Thursday, 16 May 2013

Waiting for the Administrators.

For all of us who are concerned about the future of Mid Staffs and the health service for our future this is an anxious time.

We are waiting, because at this moment there is little else that we can do.

I know that many people feel frustrated that they are not doing something now. Lots of people have sent in lots of documents to the administrators, and received back lots of letters that effectively tell us very little. The Administrators have had many meetings with key people aimed at helping them to work out where the solution lies. The expressions of interest from a number of different bodies are in and are being scrutinised.

Within a matter of days now we will have a much clearer idea of where the administrators are pointing this process and the public consultation can begin in earnest.  

People will be aware of a number of things in the background that do have a real bearing on what will happen here.

Bruce Keogh from DoH  is coming to the end of his review of the first wave of 14 hospitals who were identified as having potential problems. (they are looking at over 50). He will be publishing this soon and it is likely to make interesting reading.  I would expect to see indications that that the underlying problems that gave rise to the pressures at Stafford are pretty widespread. The TSA certainly understand this clearly already.

There is recognition that the A&E system throughout the country is on the verge of collapse. The descriptions of what is happening and why mirror what we saw in the detailed evidence to the public Inquiry here, so there is now much clearer understanding that the problems we saw here are part of a much wider problem.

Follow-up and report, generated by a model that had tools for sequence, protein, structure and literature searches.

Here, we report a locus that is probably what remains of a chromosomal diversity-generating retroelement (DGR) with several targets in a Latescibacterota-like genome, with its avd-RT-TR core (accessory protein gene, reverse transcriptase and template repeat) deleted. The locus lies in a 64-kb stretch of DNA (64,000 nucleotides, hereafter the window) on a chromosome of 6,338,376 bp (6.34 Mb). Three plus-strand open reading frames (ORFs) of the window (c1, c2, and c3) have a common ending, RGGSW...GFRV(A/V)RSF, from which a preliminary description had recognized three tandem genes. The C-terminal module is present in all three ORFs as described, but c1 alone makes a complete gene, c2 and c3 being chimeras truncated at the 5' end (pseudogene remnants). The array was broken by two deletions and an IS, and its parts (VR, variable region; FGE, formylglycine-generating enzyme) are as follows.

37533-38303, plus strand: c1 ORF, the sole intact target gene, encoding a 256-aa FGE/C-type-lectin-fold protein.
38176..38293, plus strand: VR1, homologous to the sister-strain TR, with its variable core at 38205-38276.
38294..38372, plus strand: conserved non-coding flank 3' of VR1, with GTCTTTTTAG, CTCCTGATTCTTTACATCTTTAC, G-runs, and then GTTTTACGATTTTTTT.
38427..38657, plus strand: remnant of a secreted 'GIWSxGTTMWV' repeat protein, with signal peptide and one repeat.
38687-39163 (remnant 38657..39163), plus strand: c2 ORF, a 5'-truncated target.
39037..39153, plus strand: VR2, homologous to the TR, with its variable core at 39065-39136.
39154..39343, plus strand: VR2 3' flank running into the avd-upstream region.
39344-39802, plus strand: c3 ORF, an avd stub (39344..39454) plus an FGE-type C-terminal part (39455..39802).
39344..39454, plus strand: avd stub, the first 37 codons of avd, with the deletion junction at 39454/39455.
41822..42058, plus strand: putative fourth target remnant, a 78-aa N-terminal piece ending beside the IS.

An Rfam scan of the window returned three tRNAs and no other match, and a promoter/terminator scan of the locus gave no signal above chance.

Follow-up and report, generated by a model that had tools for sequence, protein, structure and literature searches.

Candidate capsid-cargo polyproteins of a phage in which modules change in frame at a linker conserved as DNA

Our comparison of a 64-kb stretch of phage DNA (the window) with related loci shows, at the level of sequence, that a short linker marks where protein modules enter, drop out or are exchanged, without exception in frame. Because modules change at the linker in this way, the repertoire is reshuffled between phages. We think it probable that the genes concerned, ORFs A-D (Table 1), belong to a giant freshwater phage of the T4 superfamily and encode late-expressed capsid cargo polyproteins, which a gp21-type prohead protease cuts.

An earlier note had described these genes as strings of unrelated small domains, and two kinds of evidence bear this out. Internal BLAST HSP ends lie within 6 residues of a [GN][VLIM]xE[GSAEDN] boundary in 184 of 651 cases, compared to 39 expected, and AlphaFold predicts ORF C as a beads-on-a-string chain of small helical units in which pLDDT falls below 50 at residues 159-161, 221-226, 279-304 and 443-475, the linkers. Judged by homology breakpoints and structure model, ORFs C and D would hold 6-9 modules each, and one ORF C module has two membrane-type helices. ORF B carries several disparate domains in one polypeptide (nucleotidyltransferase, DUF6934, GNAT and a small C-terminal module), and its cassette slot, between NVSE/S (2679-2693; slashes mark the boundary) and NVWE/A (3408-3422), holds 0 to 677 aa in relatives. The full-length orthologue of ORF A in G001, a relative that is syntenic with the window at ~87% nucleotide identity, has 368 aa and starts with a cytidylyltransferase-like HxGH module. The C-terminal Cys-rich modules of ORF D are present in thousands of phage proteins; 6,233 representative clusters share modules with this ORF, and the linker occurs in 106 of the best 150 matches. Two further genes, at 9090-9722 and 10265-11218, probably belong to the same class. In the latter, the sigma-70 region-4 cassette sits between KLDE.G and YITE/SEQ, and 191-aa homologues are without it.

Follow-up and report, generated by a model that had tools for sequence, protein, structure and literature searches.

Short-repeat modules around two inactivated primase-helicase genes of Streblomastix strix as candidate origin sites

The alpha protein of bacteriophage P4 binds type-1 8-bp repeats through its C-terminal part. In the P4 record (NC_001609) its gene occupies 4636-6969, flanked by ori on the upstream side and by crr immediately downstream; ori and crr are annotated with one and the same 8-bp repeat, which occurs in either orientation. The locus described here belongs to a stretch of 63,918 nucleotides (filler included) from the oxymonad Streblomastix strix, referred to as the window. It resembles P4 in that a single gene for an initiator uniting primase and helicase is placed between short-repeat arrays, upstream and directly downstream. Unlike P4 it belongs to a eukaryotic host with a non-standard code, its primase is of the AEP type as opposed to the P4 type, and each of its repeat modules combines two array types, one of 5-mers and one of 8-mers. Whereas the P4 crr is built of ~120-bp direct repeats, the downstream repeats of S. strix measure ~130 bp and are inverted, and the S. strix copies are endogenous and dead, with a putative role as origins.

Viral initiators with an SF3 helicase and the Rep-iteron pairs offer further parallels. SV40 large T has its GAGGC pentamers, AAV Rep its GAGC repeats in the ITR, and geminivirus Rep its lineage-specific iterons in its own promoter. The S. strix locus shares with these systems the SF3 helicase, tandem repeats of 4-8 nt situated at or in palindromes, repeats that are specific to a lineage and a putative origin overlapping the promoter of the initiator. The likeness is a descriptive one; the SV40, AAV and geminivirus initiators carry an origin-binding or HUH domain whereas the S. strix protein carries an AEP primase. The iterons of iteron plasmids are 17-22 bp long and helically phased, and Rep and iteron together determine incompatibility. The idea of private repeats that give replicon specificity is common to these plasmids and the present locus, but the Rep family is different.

There is a lot of talk about integrated care. The Staffordshire Partnership trust is playing a pioneering role in trying to make integrated care a reality. We need to understand more about what they are doing, why it matters, and what the difficulties are.

Integrated care is being seen as the best way of relieving pressure on the Health service and making it affordable, whilst at the same time improving the quality of care for patients. Everyone agrees with the principle, but there are real difficulties in making it work in practise. There is potential for making Stafford the blue print to make integrated care work.

An interesting article from David Rose who works for the Mail on Sunday, and has been one of the leading writers on A&E downgrades raises serious questions on the effects that A&E downgrades may have on mortality with his report on Newark As it says a minister has ordered an investigation, and I am sure that the results will not be as clear cut as indicated here, but it does raise the question has anyone really done an effective impact assessment on the unintended consequences of A&E downgrades.

I have been asked to be one of the people in the HEIA team (Health equality impact assessment) Once I have a clearer idea of how this will operate then I am sure I will be looking for guidance from many people.

Another couple of comment pieces.


No comments:

Post a Comment